9. If a woman can give truly informed consent to an elective Csection, she should be able to have one. The short and long term risks of the surgery (compared to alternatives) are not so overwhelming that the choice is unreasonable. Some risks are higher, some are lower, but the risk profiles for vaginal and cesarean deliveries of healthy babies to healthy moms are close enough to leave it to choice.

    As to deciding to "not cooperate" with a forced vaginal delivery, even by "holding the legs together", that actually made me laugh. In the absence of true size or fetal position errors, the baby will come out. It may or may not be alive or healthy, but birth is inevitable and unstoppable.

  10. Of course a woman can give informed consent - to think otherwise is rubbish!

  11. Being truly informed is not always a given. There is a lot of biased information that is either pro or anti any birth choice, regardless of the mother's and baby's actual circumstances. Falsely informed is common when process is valued over results by meddling outsiders with a platform.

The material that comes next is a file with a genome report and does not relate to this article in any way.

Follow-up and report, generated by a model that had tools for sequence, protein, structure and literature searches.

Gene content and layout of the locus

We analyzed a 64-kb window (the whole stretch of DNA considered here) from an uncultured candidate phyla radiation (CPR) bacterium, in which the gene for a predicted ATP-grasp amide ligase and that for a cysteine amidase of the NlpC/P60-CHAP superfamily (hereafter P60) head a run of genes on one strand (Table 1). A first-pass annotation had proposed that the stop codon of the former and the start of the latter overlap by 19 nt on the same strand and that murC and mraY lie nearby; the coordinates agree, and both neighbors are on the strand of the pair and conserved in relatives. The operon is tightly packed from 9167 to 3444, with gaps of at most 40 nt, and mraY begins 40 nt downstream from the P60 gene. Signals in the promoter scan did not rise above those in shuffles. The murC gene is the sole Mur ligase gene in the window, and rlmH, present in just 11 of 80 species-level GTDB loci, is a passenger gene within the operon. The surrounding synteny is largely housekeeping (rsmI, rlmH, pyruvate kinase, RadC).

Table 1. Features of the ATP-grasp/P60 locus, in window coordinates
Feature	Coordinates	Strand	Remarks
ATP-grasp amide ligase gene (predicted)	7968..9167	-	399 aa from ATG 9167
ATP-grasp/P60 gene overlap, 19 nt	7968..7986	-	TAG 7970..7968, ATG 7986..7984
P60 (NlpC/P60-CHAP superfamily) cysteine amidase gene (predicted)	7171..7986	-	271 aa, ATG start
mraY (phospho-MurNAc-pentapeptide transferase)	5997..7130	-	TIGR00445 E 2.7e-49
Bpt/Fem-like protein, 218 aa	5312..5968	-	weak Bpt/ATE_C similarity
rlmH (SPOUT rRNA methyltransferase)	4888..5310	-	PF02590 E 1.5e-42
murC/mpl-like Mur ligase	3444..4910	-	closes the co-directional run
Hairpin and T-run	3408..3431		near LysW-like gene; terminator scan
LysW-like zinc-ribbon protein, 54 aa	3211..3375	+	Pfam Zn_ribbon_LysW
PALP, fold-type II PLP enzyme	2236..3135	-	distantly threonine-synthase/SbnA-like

12. Is "truly informed" the standard to which we hold all decisions that women make? Last I checked, the right to make a medical decision was only conditional upon being competant. A doctor has a duty to advise of the risks and benefits of the treatment options available and to allow for any questions the woman may have - but ultimately the woman needs to be able to retain control of the decision. Any other approach reeks of paternalism and robs women of a very important part of being a "full status" human.

  13. I would hope that "truly informed" is the standard. You know, where the doctor advises the patient of the actual risks and benefits of whatever treatment/course of action/procedure is available to treat the patient's condition, and responds honestly to any questions. Without informing the patient truthfully, how can the patient make any competent decision?

    When doctors/care providers neglect the duty to inform, can the patient give truly informed consent?